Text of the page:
Mishah Azhar, MD1, Muhammad B. Hammami, MD1, Ahmad Musmar, MD1, Matthew Bromer, DO2
1Florida Atlantic University, Boca Raton, FL; 2GastroHealth, Boynton Beach, FL
Introduction: Glycogen hepatopathy (GH), a rare glycogen storage disease caused by genetic or acquired overactivation of hepatic glycogen synthesis enzymes, can mimic non-alcoholic fatty liver disease (NAFLD). We describe a case of biopsy proven GH in an adult with Type 1 DM (T1DM). Similar to cases described in the current literature, our case not only portrays the challenges faced by physicians when diagnosing this condition, but also the importance of distinguishing this from NAFLD
Case Description/Methods: A 33-year-old Honduran woman with a 25-year history of T1DM complicated by gastroparesis, multiple episodes of DKA and hypoglycemia, and recurrent pancreatitis was referred for abnormal liver enzymes. Family history was negative for liver disease. There was no history of alcohol or recreational drug use. Patients medications included insulin and thyroxine. Physical exam showed hepatomegaly but no stigmata of chronic liver disease. AST and ALT had ranged from 100’s to over 7000 while ALP was elevated to over 400. Albumin, Total bilirubin, platelets, INR, eosinophils, viral hepatitis panel, ANA, smooth muscle AB, LKM Ab, celiac serologies, ceruloplasmin, alpha 1 antitrypsin, iron studies, and acetaminophen levels were all normal. An abdominal ultrasound showed “fatty liver” and an atrophic pancreas. CT abdomen showed hepatomegaly. CBD was found to be normal on EUS and MRCP. A liver biopsy demonstrated glycogenotic hepatocytes.
Discussion: GH is frequently misdiagnosed as NAFLD, a more common liver disease that is also associated with diabetes. While GH is known to be reversible with otherwise no known long-term complications, NAFLD has been shown to progress to cirrhosis and cause hepatocellular carcinoma. Definite diagnosis often requires liver biopsy because of overlapping clinical and radiographical pictures. Elevation of both glucose and insulin levels in the setting of fragile DM control is thought to play a role via overstimulation of glycogen synthesis. Recommended treatment is stable “tight” glycemic control; pancreatic transplantation has resulted in sustained GH remission in two case reports. The required degree of stability and tightness of glucose control is not yet known. An increased awareness of GH is needed in an attempt to prevent delay in diagnosis, in a condition with an otherwise unknown incidence.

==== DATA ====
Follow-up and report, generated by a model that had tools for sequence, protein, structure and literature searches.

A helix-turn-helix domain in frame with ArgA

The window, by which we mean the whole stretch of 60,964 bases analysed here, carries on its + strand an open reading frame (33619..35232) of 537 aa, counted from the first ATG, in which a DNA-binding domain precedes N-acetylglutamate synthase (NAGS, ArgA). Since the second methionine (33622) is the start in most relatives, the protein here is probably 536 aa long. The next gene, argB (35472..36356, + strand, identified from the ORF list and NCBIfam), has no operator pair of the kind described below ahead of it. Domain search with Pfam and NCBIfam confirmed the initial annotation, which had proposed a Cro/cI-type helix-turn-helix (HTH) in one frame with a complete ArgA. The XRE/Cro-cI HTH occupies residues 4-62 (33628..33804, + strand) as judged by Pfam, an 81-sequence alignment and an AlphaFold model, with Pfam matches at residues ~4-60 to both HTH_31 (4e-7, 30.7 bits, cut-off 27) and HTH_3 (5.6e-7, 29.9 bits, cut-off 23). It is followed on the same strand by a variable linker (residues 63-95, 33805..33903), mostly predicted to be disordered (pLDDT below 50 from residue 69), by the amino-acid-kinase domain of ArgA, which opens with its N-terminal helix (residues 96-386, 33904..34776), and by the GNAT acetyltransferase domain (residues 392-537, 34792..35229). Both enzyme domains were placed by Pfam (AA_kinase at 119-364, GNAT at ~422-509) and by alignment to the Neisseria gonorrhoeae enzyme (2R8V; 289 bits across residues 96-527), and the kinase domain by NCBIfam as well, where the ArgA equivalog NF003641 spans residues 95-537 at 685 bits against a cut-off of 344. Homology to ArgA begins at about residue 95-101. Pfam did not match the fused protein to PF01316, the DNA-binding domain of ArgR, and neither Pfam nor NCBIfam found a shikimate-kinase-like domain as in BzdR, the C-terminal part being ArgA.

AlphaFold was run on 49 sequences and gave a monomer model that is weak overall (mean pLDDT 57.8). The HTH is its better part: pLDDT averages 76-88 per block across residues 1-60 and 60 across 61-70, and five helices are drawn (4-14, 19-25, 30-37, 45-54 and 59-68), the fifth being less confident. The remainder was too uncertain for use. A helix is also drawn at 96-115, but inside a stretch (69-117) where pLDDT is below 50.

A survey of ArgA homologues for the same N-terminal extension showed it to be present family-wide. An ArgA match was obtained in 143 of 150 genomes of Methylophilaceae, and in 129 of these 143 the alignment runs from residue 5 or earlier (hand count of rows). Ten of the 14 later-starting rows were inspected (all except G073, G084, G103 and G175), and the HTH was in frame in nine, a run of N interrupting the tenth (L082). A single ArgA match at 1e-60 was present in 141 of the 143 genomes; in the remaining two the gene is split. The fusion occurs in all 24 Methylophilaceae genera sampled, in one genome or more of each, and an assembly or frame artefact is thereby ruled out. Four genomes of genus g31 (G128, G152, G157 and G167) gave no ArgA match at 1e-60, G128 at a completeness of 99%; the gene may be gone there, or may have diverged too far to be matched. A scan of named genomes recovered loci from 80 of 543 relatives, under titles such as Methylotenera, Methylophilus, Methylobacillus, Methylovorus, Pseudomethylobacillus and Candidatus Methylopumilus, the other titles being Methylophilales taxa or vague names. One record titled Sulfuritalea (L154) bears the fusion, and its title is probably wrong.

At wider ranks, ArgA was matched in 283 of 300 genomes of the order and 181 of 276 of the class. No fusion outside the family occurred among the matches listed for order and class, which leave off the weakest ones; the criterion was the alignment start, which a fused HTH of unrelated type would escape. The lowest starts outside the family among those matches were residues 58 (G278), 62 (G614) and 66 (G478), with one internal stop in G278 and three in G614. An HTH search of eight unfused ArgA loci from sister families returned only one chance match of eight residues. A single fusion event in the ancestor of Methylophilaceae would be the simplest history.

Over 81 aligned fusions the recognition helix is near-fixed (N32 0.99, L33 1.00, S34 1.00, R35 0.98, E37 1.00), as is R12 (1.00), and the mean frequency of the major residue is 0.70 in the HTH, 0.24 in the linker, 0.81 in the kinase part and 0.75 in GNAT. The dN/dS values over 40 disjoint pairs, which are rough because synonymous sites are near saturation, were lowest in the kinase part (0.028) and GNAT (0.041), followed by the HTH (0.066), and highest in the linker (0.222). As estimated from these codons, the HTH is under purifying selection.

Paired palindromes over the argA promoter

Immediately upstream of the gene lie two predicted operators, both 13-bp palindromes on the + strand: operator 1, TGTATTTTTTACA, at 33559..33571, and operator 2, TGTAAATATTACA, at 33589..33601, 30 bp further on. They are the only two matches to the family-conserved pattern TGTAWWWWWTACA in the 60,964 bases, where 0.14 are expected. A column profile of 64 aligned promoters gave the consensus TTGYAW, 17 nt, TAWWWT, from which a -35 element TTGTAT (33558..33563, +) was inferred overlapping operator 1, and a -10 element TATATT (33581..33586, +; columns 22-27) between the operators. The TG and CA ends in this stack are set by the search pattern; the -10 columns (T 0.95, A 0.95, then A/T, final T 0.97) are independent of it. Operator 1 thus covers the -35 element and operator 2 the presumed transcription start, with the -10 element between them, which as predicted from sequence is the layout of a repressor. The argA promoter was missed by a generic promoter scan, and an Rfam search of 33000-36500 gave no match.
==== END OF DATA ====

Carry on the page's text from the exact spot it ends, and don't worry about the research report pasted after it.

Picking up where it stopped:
Citation: Mishah Azhar, MD; Muhammad B. Hammami, MD; Ahmad Musmar, MD; Matthew Bromer, DO. P0750 - A CASE REPORT OF GLYCOGEN HEPATOPATHY: A REVERSIBLE, YET RELAPSING CAUSE OF HEPATITIS IN TYPE 1 DIABETICS. Program No. P0750. ACG 2019 Annual Scientific Meeting Abstracts. San Antonio, Texas: American College of Gastroenterology.